When writing Antenna, I started out with python-decouple, but I didn't like the way python-decouple dealt with configuration errors (it's pretty hands-off) and I really wanted to automatically generate documentation from my configuration code. Why write the same stuff twice especially where it's a critical part of setting Antenna up and the part everyone will trip over first?

Here's the configuration documentation for Antenna:

http://antenna.readthedocs.io/en/latest/configuration.html#application

Here's the index which makes it easy to find things by component or by option (in this case, environment variables):

http://antenna.readthedocs.io/en/latest/genindex.html

When you configure Antenna incorrectly, it spits out an error message like this:

1  <traceback omitted, but it'd be here>
2  everett.InvalidValueError: ValueError: invalid literal for int() with base 10: 'foo'
3  namespace=None key=statsd_port requires a value parseable by int
4  Port for the statsd server
5  For configuration help, see https://antenna.readthedocs.io/en/latest/configuration.html

So what's here?:

  • Block 1 is the traceback so you can trace the code if you need to.
  • Line 2 is the exception type and message
  • Line 3 tells you the namespace, key, and parser used
  • Line 4 is the documentation for that specific configuration option
  • Line 5 is the "see also" documentation for the component with that configuration option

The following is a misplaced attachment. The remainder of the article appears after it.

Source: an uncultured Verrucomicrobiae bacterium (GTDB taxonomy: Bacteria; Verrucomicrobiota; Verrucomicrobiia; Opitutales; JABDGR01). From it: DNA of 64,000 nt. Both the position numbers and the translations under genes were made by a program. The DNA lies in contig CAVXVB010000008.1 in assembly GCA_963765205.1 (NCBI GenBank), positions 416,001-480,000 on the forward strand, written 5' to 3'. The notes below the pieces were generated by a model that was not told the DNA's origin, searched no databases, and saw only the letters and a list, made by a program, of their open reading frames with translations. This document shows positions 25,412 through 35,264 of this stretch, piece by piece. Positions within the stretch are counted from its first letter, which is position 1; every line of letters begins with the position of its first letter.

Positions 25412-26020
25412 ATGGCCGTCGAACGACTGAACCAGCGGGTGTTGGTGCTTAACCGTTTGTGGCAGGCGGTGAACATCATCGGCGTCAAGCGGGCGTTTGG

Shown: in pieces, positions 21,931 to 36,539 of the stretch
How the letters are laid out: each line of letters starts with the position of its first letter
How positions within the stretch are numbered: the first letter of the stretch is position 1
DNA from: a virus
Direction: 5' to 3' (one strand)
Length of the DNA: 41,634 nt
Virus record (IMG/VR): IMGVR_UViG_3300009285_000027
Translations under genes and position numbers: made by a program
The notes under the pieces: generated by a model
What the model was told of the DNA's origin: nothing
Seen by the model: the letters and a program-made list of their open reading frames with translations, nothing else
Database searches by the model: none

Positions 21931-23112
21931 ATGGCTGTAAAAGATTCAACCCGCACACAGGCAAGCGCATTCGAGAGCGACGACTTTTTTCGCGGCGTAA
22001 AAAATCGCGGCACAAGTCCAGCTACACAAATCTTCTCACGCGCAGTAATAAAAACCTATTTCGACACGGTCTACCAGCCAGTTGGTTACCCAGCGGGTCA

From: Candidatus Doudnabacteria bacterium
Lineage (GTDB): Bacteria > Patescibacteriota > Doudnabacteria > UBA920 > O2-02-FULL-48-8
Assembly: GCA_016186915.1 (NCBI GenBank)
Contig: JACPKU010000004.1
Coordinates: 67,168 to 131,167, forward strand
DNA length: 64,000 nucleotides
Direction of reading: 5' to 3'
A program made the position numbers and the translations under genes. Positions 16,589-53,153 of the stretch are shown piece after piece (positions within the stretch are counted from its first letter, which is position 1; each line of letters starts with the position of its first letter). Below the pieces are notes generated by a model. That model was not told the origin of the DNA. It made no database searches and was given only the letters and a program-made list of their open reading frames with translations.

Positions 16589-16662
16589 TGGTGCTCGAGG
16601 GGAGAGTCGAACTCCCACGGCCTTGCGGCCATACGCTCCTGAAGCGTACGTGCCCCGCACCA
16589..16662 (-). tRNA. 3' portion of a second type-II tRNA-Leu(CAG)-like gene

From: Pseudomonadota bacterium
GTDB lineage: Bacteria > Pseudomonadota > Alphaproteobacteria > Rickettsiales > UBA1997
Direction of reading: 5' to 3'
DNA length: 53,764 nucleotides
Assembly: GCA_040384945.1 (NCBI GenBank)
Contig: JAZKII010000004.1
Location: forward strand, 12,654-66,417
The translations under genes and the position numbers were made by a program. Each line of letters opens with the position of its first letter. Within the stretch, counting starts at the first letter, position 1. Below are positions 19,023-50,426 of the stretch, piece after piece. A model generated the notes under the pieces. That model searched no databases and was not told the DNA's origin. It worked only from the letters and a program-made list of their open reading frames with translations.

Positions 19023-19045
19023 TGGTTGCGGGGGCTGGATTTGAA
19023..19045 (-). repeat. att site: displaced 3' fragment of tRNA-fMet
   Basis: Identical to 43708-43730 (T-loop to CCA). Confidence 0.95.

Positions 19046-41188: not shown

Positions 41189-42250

Is it beautiful? No. [1] But it gives you enough information to know what the problem is and where to go for more information.

Further, in Python 3, Everett will always raise a subclass of ConfigurationError so if you don't like the output, you can tailor it to your project's needs. [2]

First-class docs. First-class configuration error help. First-class testing. This is why I created Everett.

If this sounds useful to you, take it for a spin. It's almost a drop-in replacement for python-decouple [3] and os.environ.get('CONFIGVAR', 'default_value') style of configuration.

Enjoy!

[1] I would love some help here--making that information easier to parse would be great for a 1.0 release.
[2] Python 2 doesn't support exception chaining and I didn't want to stomp on the original exception thrown, so in Python 2, Everett doesn't wrap exceptions.
[3] python-decouple is a great project and does a good job at what it was built to do. I don't mean to demean it in any way. I have additional requirements that python-decouple doesn't do well and that's where I'm coming from.

Where to go for more

For more specifics on this release, see here: http://everett.readthedocs.io/en/latest/history.html#april-7th-2017

Documentation and quickstart here: https://everett.readthedocs.org/en/v0.9/

Source code and issue tracker here: https://github.com/willkg/everett